Capnocytophaga canimorsus peritonitis diagnosed by mass spectrometry in a diabetic patient undergoing peritoneal dialysis: A case report

Katsuyuki Tanabe, Shugo Okamoto, Sumie Hiramatsu Asano, Jun Wada

Research output: Contribution to journalArticlepeer-review

6 Citations (Scopus)


Background: Bacterial peritonitis is a serious complication of patients undergoing peritoneal dialysis (PD). Although the identification of causative organisms and use of appropriate antibiotics are essential for treatment, rare and fastidious bacteria are sometimes difficult to detect by conventional biochemical assays. Capnocytophaga canimorsus is a fastidious and slow-growing bacterium that forms a part of the normal oral flora of dogs and cats and is extremely rare as a peritonitis-causing organism. This report demonstrates the usefulness of a mass spectrometry-based technique in identifying such a rare organism in PD-related peritonitis and discusses the diagnosis and treatment of C. canimorsus peritonitis. Case presentation: A 49-year-old woman with type 2 diabetes mellitus underwent PD for two years. Repeated exit-site infections led to subcutaneous pathway diversion two months ago. She was hospitalized with fever and abdominal pain as well as cloudy dialysis effluent. Laboratory data revealed increased serum C-reactive protein level and white blood cell (WBC) count in the effluent. Her exit site had no sign of infection, leading to the diagnosis of PD-related peritonitis. Initial therapy with intraperitoneal ceftazidime immediately ameliorated her symptoms, and the WBC count in the effluent normalized in five days. Culture test results of the dialysis effluent on admission were negative with no information regarding the infection route. However, mass spectrometry (MALDI Biotyper, Bruker Daltonics) successfully obtained the specific spectral pattern for C. canimorsus. She had four cats in her house and was advised not to allow the cats in the room where the bag exchange took place. Conclusions: C. canimorsus is a rare cause of peritonitis in PD patients and is usually susceptible to intraperitoneal third-generation cephalosporins. This mass spectrometry-based bacterial identification method could provide more opportunities to identify uncommon causes and promote appropriate antibiotics therapy in PD-related peritonitis.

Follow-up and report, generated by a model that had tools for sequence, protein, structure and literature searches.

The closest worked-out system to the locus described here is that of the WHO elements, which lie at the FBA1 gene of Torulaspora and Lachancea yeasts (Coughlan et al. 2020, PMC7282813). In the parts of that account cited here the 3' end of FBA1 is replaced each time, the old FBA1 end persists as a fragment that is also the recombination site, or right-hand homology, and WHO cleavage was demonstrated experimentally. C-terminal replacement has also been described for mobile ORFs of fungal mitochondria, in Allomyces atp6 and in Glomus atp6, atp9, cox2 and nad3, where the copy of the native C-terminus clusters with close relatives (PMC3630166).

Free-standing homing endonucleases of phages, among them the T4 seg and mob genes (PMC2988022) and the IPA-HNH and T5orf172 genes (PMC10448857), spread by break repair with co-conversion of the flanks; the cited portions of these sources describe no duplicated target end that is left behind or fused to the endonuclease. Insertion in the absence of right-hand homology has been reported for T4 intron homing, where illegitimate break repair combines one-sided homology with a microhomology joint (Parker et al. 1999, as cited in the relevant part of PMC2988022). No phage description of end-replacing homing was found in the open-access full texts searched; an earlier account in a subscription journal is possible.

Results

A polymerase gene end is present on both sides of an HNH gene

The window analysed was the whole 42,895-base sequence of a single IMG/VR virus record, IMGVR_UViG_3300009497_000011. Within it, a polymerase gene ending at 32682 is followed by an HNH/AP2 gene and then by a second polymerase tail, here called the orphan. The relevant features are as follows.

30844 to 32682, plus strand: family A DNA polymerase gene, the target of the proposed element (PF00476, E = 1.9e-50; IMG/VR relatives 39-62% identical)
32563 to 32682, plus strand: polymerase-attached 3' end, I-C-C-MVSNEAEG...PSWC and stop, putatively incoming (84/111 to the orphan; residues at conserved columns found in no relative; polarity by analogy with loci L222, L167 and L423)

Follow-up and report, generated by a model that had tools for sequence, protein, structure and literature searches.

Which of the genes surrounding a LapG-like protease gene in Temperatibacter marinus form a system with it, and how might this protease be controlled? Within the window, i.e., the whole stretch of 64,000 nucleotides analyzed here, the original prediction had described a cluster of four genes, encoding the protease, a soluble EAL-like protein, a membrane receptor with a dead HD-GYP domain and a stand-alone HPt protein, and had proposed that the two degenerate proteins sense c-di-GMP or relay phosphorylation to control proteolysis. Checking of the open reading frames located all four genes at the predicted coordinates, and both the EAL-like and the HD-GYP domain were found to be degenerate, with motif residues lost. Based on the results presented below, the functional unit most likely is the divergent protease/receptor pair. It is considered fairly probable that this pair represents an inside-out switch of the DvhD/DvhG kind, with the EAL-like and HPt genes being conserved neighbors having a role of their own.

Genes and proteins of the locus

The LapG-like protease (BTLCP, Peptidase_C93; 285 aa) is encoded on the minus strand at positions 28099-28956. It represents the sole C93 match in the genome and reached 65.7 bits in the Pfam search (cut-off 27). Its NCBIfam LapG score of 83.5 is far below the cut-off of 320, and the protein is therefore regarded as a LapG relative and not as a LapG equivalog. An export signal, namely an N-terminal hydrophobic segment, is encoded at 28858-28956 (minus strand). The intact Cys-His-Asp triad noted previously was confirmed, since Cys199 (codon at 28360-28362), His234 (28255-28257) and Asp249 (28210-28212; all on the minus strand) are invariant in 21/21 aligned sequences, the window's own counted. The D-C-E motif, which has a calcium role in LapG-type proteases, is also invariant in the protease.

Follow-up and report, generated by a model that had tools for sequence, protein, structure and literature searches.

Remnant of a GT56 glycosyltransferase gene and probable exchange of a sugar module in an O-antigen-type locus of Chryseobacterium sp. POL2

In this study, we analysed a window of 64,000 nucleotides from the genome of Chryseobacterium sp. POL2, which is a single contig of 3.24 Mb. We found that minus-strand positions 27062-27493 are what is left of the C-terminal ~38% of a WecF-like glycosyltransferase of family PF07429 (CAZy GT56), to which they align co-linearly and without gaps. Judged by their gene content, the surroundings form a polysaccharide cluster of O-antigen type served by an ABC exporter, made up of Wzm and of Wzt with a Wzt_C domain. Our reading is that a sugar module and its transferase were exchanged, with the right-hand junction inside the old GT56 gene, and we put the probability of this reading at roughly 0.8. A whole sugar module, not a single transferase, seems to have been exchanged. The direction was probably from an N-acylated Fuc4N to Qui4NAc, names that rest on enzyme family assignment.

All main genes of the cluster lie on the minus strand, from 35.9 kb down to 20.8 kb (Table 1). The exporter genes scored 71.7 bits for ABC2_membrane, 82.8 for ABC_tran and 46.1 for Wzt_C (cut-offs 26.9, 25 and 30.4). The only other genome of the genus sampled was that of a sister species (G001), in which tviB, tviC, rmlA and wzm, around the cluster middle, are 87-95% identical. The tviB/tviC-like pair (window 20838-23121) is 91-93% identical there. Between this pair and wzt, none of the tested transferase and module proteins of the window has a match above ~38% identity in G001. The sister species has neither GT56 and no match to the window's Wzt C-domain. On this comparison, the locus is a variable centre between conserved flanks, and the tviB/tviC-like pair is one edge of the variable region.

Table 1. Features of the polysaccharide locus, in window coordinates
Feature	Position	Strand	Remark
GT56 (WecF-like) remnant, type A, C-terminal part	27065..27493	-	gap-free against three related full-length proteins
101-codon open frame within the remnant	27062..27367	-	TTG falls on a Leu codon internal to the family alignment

Original languageEnglish
Article number219
JournalBMC nephrology
Issue number1
Publication statusPublished - Jun 14 2019


  • Capnocytophaga canimorsus
  • MALDI-TOF mass spectrometry
  • Peritoneal dialysis
  • Peritonitis

ASJC Scopus subject areas

  • Nephrology


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